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Inside Davos: A global Dragon’s Den where entrepreneurs try to land a billionaire

 (ES Composte)
(ES Composte)

When a simple tonic water costs just shy of a tenner, you know the world’s economic elite are coming to town. For small business owners in the Swiss resort town of Davos, the arrival of the World Economic Forum and its entourage is a cash cow, with bells on. It helps to lubricate the well-oiled wheels of Switzerland’s economy which is keeping the safe-haven Swiss Franc so strong.

Hordes of carpenters and painters are employed to transform many of the town’s boutiques into an elaborate, global trade show. However, they still have to queue up at the Co-op to buy their dinner, steering well clear of the scorchingly expensive restaurants that remain.

At my traditional alpine hotel, menus were quietly updated with fresh inserts the day before the conference started, revealing a dramatic hike in the already hefty prices. I stuck to a regular order of simple soup, the cheapest dish on offer.

Store owners are offered eye-watering sums to move out, lock, stock and barrel, to make way for global brands who set up shop for the five-day event. From Uber to DP World, the main street is a wall of familiar logos, with Manchester United taking a prime spot, perhaps hoping to catch the eye of another billionaire bidder or two.

While the WEF talks loftily about finding solutions to some of the world’s biggest problems, from climate change to the cost-of-living crisis, for many attending, Davos is really just a big networking event.

Keeping open every channel of communication between world leaders and business bosses is clearly important at a time of war and geo-political fragmentation. While we can’t expect much concrete action to come from the jet set attending the elite talking shop, there is huge opportunity to be seized at the fringes of the forum.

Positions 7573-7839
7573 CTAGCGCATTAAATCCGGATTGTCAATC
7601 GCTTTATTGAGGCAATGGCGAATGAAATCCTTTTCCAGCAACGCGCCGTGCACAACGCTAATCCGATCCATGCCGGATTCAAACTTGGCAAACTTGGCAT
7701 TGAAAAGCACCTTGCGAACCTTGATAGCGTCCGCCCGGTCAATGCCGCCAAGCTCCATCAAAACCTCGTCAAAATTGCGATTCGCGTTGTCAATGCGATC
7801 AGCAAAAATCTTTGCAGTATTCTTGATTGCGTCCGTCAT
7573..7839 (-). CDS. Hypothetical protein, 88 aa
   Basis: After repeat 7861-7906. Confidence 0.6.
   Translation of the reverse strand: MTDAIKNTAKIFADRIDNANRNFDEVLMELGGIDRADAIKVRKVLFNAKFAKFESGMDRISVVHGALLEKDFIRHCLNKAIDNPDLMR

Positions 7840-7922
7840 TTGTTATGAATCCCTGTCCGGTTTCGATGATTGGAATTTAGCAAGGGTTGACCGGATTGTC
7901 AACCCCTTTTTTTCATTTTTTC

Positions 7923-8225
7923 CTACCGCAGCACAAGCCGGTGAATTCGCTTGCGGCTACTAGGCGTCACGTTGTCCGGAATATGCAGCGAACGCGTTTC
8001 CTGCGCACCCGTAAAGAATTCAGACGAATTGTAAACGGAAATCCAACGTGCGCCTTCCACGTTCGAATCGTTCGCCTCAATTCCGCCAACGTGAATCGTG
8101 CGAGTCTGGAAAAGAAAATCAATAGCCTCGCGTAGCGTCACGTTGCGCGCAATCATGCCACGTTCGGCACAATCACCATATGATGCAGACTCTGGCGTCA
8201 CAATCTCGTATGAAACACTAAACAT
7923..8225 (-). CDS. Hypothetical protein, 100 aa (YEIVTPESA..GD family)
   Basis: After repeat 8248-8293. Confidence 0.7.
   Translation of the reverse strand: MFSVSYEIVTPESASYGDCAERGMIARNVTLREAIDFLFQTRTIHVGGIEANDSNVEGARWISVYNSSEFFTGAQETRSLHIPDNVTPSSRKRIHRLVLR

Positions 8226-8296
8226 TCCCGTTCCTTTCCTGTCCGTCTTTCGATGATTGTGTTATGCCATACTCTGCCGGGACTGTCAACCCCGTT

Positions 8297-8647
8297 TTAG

Davos in January is like a global Dragon’s Den, with start-ups desperately searching for new partners or rounds of funding to help their sapling ideas grow. The pavements may be iced up, but the streets are still paved with gold-plated opportunities.

The potential prize could be a lot bigger than getting a slice of investment from Peter Jones or Deborah Meaden. At Davos, entrepreneurs are hoping to rub shoulders with the globe’s wealthiest billionaires, and clinging to the dream that one will swoop in as an angel investor. The era of ultra-cheap money may have crunched to an abrupt end, but there is still plenty of capital sloshing around the streets of Davos and investors are looking for the next tech innovation, in sectors still ripe for disruption.

So, these founders and business owners attend every event they can, trying to drum up interest. From the Columbian educator, developing hologram tutors to transform lessons in the developing world, to the supply chain innovator using blockchain to improve transparency and the former university baseball player expanding his successful coffee shop chain which supports and incentivises poor students to make sure they get to finish college.

You’ll often find them staying in the cheaper accommodation, further down the mountain, but these entrepreneurs are braving the high prices, sipping on water and nibbling a sandwich, for a chance of meeting the perfect match amid the ultra-wealthy suitors in the snow.

Susannah Streeter is Senior Investment Analyst, Hargreaves Lansdown